- Levodopa: The drug levodopa (L-dopa) has been a standard treatment for Parkinson’s disease. Once it reaches the brain, levodopa is converted to dopamine. The drug may cause side effects such as nausea, rapid heart rate, low blood pressure, and loss of appetite. To reduce these side effects, L-dopa is generally taken in conjunction with Carbidopa, which is also used to improve effectiveness of L-dopa.
- Entacapone: A drug that can be taken in combination with levodopa. It is of the Catechol-O-methyl transferase inhibitor class of drugs so it may be seen as “COMT-I” instead of “Entacapone”. This prescription lengthens the duration of the L-dopa effectiveness and allows for a reduction in the carbidopa/levodopa dosage.
- Monoamine Oxidase Inhibitors: Monoamine oxidase inhibitors, specifically Type B (MAOI-B), work to preserve the dopamine in the brain.
- Dopamine Agonists: Rather than waiting to be converted into dopamine and or risking the issues associated with being converted prematurely, this drug acts to imitate the dopamine that is deficient in people with Parkinson’s disease.
Surgery – Deep Brain Stimulation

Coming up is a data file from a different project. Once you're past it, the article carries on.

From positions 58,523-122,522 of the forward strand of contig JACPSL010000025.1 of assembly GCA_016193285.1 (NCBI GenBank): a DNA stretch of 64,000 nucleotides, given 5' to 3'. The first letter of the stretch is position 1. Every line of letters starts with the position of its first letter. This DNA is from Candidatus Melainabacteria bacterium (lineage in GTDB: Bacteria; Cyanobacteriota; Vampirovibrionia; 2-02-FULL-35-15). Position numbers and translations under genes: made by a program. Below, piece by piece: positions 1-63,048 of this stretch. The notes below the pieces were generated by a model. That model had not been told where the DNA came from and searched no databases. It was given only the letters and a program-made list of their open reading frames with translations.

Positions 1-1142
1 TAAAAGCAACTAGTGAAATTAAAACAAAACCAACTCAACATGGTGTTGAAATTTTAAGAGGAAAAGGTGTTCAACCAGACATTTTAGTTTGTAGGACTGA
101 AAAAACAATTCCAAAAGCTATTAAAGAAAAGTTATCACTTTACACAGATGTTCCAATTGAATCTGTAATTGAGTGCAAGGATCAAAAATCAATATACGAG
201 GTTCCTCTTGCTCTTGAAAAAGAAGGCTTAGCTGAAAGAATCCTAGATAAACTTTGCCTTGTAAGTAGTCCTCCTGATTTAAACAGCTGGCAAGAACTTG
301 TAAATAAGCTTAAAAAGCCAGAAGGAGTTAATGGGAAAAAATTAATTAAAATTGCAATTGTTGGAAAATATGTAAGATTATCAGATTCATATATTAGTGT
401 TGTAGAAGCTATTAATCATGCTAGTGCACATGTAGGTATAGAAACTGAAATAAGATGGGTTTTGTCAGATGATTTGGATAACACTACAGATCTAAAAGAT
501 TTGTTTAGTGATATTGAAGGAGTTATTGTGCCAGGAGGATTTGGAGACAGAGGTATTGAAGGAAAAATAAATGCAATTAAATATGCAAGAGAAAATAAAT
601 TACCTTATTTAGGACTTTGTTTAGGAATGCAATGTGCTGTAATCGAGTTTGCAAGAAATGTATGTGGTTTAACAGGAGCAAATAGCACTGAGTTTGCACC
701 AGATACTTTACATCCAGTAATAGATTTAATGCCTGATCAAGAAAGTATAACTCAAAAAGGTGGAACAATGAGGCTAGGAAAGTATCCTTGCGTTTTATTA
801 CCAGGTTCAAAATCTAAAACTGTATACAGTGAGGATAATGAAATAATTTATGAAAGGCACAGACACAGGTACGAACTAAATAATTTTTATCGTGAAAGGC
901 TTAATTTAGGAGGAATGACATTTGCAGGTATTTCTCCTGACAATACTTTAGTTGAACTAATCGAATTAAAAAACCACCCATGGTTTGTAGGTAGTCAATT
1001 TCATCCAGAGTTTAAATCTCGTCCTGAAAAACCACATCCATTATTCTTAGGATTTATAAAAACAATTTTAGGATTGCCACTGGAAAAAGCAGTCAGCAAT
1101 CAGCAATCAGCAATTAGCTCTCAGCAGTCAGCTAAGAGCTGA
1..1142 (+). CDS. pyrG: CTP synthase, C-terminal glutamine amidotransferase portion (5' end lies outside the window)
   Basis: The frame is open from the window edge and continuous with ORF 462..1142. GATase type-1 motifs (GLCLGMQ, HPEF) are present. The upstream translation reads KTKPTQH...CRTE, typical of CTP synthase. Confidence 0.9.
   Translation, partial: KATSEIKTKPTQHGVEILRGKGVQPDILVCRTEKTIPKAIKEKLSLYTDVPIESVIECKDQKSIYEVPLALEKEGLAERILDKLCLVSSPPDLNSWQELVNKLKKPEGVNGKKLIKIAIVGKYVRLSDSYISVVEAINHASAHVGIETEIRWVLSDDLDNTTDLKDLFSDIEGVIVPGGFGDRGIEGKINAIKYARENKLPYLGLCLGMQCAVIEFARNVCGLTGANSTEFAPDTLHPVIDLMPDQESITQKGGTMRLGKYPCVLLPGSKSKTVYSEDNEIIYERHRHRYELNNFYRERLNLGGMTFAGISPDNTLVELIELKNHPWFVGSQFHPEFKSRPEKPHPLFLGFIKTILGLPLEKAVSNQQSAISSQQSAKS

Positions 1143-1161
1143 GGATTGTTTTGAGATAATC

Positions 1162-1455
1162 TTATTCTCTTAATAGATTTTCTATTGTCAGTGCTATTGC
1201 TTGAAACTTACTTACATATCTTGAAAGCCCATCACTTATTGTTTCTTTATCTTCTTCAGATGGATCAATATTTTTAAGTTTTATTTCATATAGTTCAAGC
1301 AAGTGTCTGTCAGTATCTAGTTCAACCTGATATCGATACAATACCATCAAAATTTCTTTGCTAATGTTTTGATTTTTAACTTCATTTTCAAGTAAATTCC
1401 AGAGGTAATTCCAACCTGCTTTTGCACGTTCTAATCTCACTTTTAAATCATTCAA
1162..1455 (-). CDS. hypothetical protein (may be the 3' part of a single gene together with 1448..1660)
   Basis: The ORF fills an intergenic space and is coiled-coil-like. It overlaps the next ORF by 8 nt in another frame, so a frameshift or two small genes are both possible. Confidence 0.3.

As the disease progresses some patients may consider a surgical option known as Deep Brain Stimulation (DBS). During this surgery, electrodes are placed in the brain and the impulses can be controlled in a fully adjustable manner similar to a pacemaker. It is an effective option for managing the tremor, rigidity, and slowness in Parkinson’s. This therapy has been known to help with dyskinesia caused from Parkinson’s medications. DBS may not be the best option for patients who have significant cognitive dysfunction or for patients who have symptoms that do not respond to levodopa.
A new procedure for the DBS surgery is now possible with the use of a computed tomography machine (CT) that scans the brain while the patient is under general anesthesia. This is used to locate and verify proper placement of the electrodes rather than having the patient remain awake to confirm the locations. This form of DBS surgery is still new and many surgeons may not be as practiced with its procedure compared to the “awake” DBS surgery.
There is growing evidence that stretching and exercise can help keep Parkinson’s symptoms at bay and even delay the progression of the disease. Exercise can help you feel better mentally and emotionally. It is good to participate in fun exercises that focus on balance, fine motor control, strength and cardiovascular activity. For more information about exercise or exercise programs near you, please refer to our Exercise page or contact the Iowa Parkinson Disease Information and Referral Center at (877) 872-6386; firstname.lastname@example.org
Other Exercise Options/Programs